but Hildegarde knew from former ones how
much faithful work was going on, and how
firm a foundation of scholarship and thorough-
ness her friend was laying.

" Whereas I," she said aloud, " am as igno-
rant as a hedge-sparrow."

As she spoke, a sparrow hopped upon a twig
close by her, and cocked his bright eye at her
expressively.

" I beg your pardon ! " said Hildegarde, hum-
bly. " No doubt you are right, and I am
a hundred times more ignorant. I could not
even imagine how to build a nest ; but neither
can you crack a nut ask Mr. Emerson !
or play the piano."

The sparrow chirped defiance, flirted his tail
saucily, and was gone.

" And all girls cannot be students ! " said Hil-
degarde, stopping to address a young maple that
looked strong-minded. " Everybody cannot go
to college ; there must be some who are to be
just girls, plain girls, and stay at home.
As for a girl going to college when there is
only herself to to help make a home



20 HILDEGARDE'S HARVEST.

why, she might as well be Nero, and done
with it."

She nodded at the maple-tree, as if she had
settled it entirely, and walked on more quickly ;
the cloud it was a slight one, but still a cloud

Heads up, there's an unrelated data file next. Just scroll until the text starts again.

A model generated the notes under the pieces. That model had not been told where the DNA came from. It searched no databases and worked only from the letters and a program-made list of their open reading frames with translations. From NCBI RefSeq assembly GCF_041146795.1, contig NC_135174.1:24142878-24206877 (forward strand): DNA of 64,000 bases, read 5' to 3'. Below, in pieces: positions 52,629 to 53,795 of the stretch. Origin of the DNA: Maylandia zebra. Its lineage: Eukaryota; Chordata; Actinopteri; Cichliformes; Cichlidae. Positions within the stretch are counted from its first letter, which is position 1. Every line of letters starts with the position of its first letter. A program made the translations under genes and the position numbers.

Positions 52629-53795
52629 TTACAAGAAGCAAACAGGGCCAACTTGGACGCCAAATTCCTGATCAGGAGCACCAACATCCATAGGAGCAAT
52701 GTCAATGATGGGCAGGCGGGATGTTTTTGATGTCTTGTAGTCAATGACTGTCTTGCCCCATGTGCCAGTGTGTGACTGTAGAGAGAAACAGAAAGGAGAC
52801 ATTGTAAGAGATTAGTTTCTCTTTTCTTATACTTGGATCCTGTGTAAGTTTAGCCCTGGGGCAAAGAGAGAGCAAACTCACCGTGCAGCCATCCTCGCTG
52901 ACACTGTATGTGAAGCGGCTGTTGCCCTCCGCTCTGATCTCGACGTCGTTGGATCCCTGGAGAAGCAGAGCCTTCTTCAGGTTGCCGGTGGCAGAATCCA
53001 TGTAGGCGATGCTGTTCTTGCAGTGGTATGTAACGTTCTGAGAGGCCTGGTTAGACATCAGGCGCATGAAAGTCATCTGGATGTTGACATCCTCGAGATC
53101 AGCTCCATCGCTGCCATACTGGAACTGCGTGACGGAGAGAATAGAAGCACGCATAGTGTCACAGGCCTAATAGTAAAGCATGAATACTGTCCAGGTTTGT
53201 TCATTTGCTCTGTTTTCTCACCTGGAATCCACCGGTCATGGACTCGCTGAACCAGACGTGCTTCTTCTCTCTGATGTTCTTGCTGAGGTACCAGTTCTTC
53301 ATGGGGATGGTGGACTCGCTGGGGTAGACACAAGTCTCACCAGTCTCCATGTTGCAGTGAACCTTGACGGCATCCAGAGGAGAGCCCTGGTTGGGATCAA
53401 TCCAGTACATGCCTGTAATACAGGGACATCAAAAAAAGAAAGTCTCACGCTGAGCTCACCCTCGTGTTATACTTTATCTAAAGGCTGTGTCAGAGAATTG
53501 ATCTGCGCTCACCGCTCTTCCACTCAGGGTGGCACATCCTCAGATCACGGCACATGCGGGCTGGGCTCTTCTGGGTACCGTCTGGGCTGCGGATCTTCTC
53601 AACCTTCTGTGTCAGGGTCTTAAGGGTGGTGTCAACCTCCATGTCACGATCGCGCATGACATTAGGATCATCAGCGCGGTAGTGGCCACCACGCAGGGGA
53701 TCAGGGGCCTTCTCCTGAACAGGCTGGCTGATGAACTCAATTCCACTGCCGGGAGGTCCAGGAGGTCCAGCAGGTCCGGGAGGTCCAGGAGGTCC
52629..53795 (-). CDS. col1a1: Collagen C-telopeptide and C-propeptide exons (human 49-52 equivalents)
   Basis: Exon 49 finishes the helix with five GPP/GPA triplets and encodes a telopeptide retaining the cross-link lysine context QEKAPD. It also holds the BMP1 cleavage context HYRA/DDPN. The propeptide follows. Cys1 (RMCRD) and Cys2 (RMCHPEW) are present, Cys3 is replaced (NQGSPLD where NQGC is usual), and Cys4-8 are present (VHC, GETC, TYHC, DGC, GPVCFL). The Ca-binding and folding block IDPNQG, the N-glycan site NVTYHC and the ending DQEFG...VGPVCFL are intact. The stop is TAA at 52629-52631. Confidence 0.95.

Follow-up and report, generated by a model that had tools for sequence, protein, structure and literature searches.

vanished from her brow, leaving it clear and
sunny.

" The place one is in," she said, " is the place
to be happy in. Of course I do miss them all ;
of course I do ! but if ever any girl ought
to be thankful on her knees all day long for
blessings and happinesses, Hildegarde Grahame,
why, you know who she is, and that she does
not spell her name Tompkins."



CHAPTER II.

THE CHRISTMAS DRAWER.

CHRISTMAS was coming. Christmas was only
three weeks off. Oh, how the time was flying !
" How shall I ever get ready ? " cried Hilde-
garde, quickening her pace as she spoke, as if
the holiday season were chasing her along the
road.

" One is always busy, of course ; but it does
seem as if I were going to be about five times
as busy as I ever was before. Naturally ! there
are so many more people that I want to make
presents for. Last Christmas, there was Mam-
mina, and Col. Ferrers and Hugh, and the box
to send to Jack, dear Jack ! and Auntie, and
Mrs. Lankton and the children, and, well, of
course, Cousin Wealthy and Benny, and all the
dear people at Bywood, why, there were a
good many, after all, weren't there ? But now
I have all my Merryweathers hi addition, you



22 HILDEGARDE'S HARVEST.

see. Of course I needn't give anything to the
boys, or to any of them, for that matter,
but I do want to, so very much ; if only there
were a little more time ! I will go up this min-
ute, if Mammina does not want me, and look
over my drawer. I really haven't looked at it
thoroughly, that is for three days ! Hilda
Grahame, what a goose you are ! "